TEHRAN | Iranian filmmaker and opponent Jafar Panahi, Golden Bear for best film at the 2015 Berlin festival, was arrested in Tehran on Monday, according to an Iranian news agency, bringing the number of directors arrested in the country to three in less than a week.
62-year-old Mr. Panahi is one of Iran's most awarded filmmakers. He notably won the Screenplay Prize at Cannes in 2018 with “Three Faces”, three years after the Golden Bear for “Taxi Tehran”.
Iranian authorities had already arrested two filmmakers, Mohammad Rasoulof and Mostafa Aleahmad, on Friday, accused of “disturbing public order”.
The Cannes Film Festival calls for the immediate release of filmmakers Mohammad Rasoulof, Mostafa Aleahmad and Jafar Panahi and reaffirms its support for all those who, throughout the world, suffer violence and reprisals. ► Read the press release: https://t.co/ILeqr9Q6DA
— Cannes Film Festival (@Festival_Cannes) July 11, 2022
“Jafar Panahi was arrested today (Monday) upon his arrival at the Tehran prosecutor's office to follow up on the case of another director, Mohammad Rasoulof”, detained since Friday, according to the Mehr news agency.
“There is still no information on the reason for Panahi's arrest, his link with Rasoulof's file or with other people arrested last week,” she added.
A dissident artist, Mr. Panahi was arrested in 2010 and then sentenced to six years in prison and a 20-year ban on directing or writing films, traveling or speaking in the media. However, he continued to work and live in Iran.
He had been convicted of “propaganda against the regime”, after having supported the 2009 protest movement against the re-election of the ultra-conservative Mahmoud Ahmadinejad as president of the Islamic Republic.
Mohammad Rasoulof, also awarded abroad, and Mostafa Aleahmad were arrested on Friday. They are accused of encouraging protests after the deadly collapse of a building in the south-west of the country in May, according to the official Irna news agency.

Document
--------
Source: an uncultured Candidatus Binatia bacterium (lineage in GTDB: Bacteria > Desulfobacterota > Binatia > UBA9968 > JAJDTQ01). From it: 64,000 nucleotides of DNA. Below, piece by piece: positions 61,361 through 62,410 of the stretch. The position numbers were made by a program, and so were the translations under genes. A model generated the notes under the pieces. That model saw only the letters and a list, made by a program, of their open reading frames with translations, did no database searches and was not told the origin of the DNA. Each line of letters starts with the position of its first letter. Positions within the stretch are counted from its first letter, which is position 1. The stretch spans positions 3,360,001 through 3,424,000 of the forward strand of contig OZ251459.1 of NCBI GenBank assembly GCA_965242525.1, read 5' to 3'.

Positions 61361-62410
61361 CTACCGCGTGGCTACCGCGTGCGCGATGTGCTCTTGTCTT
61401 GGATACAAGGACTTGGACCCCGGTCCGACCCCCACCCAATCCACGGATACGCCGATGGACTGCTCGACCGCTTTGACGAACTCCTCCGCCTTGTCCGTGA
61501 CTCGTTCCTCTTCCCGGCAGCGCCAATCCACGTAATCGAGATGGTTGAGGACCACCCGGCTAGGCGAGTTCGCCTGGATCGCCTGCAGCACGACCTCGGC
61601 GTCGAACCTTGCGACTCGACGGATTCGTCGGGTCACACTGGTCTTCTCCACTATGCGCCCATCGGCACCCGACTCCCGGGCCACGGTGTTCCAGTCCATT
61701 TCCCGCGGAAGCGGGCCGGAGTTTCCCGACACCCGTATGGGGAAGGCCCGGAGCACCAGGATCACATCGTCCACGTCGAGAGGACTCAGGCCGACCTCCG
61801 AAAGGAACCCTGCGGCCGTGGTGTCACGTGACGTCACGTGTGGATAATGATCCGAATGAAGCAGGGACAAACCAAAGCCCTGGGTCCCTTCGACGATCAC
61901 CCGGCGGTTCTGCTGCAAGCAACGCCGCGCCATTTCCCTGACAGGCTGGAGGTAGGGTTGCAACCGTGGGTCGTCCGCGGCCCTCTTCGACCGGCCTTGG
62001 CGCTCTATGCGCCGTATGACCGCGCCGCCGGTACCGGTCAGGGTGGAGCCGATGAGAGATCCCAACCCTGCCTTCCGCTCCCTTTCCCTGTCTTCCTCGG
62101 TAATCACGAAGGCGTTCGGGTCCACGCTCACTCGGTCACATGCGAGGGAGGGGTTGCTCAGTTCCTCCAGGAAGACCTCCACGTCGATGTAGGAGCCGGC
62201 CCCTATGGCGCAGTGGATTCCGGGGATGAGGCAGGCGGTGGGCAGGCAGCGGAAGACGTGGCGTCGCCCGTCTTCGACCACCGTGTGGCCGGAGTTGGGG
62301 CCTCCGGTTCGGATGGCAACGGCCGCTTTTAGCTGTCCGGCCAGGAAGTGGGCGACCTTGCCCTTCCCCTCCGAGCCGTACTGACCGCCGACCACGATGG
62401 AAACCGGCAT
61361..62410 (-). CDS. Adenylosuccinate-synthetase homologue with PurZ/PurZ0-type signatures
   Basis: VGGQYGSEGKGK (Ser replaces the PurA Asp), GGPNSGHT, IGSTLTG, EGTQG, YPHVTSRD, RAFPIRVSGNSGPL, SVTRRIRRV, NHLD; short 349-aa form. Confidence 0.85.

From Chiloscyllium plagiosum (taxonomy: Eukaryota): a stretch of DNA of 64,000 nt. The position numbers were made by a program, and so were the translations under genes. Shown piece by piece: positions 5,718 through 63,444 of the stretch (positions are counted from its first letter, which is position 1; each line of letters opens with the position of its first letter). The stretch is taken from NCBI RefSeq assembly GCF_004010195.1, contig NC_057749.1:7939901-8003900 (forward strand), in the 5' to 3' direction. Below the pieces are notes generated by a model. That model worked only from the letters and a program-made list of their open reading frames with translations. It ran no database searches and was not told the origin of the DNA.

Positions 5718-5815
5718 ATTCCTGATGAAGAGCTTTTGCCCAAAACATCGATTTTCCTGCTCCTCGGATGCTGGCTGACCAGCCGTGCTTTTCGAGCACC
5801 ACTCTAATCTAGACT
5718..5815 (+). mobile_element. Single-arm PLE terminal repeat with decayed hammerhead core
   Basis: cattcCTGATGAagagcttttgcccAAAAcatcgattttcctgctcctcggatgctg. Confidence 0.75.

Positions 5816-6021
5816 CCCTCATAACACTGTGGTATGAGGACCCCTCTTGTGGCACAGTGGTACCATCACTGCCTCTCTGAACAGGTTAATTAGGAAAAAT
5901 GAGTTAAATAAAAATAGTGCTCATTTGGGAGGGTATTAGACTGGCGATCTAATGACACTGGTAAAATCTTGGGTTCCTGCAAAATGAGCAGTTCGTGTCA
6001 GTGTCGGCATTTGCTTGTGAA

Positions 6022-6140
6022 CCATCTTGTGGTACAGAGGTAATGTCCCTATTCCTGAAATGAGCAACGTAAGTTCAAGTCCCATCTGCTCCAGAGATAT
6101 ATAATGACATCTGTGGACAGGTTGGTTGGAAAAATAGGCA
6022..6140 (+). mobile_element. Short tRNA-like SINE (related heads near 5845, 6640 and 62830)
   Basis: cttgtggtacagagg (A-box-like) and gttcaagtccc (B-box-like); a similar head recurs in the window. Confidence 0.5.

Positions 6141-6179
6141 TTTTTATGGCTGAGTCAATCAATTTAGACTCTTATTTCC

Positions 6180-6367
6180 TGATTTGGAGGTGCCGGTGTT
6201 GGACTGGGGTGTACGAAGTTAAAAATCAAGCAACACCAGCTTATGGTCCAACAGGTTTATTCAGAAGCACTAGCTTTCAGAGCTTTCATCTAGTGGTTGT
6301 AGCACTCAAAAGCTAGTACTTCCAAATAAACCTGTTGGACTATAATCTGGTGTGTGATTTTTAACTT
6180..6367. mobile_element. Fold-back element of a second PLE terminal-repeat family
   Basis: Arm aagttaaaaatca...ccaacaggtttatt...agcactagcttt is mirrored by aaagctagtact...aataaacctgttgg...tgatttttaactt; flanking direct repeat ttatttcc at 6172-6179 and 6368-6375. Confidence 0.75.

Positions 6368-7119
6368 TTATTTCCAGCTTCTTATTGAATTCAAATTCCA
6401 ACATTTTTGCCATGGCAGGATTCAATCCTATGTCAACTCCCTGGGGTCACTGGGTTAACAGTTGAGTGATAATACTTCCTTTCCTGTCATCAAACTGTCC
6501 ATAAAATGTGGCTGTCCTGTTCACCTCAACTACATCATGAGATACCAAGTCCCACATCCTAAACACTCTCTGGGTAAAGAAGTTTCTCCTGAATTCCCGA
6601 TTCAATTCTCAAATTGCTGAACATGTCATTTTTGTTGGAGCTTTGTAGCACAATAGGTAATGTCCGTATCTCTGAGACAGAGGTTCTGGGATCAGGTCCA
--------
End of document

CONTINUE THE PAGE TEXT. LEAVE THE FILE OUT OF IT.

After the tragedy, a group of Iranian filmmakers led by Mr. Rasoulof published an open letter at the end of May calling on the security forces “to lay down their arms” in the face of anger at the “corruption” and “incompetence” of officials.
MM. Panahi and Rasoulof had also denounced in mid-May with other Iranian filmmakers and actors the arrest of several of their colleagues in Iran.
Repression and censorship constitute “a violation of the freedom of expression” and “reduce the safety of directors to the bare minimum,” they denounced in an open letter.
The Cannes Film Festival gave them its support. Its management “strongly condemns these arrests as well as the wave of repression visibly underway in Iran against its artists, and calls for the immediate release of Mohammad Rasoulof, Mostafa Aleahmad and Jafar Panahi,” the festival wrote in a press release.
The organizers of the Berlinale, which awarded Mr. Rasoulof the highest distinction in 2020, protested last week against the arrest of the filmmaker and his colleague, demanding the release of the two artists.
Mohammad Rasoulof, 50, won the Golden Bear in Berlin in 2020 for his film 'The Devil Doesn't Exist', but was unable to travel to Germany. His passport had been confiscated after his previous feature film in 2017, “A Man of Integrity”, presented at Cannes, where he won the prize in the “Un Certain Regard” category.
Lately, the Iranian authorities have carried out numerous arrests, including a figure of the reform movement, Mostafa Tajzadeh, arrested on Friday on the charge of “activities against state security”.
Katrine Johns has been a reporter on the news desk since 2013. Before that she wrote about young adolescence and family dynamics for Styles and was the legal affairs correspondent for the Metro desk. Before joining The Gal Post, Katrine Johns worked as a staff writer at the Village Voice and a freelancer for Newsday, The Wall Street Journal, GQ and Mirabella. To get in touch, contact me through my email@example.com 1-800-268-7128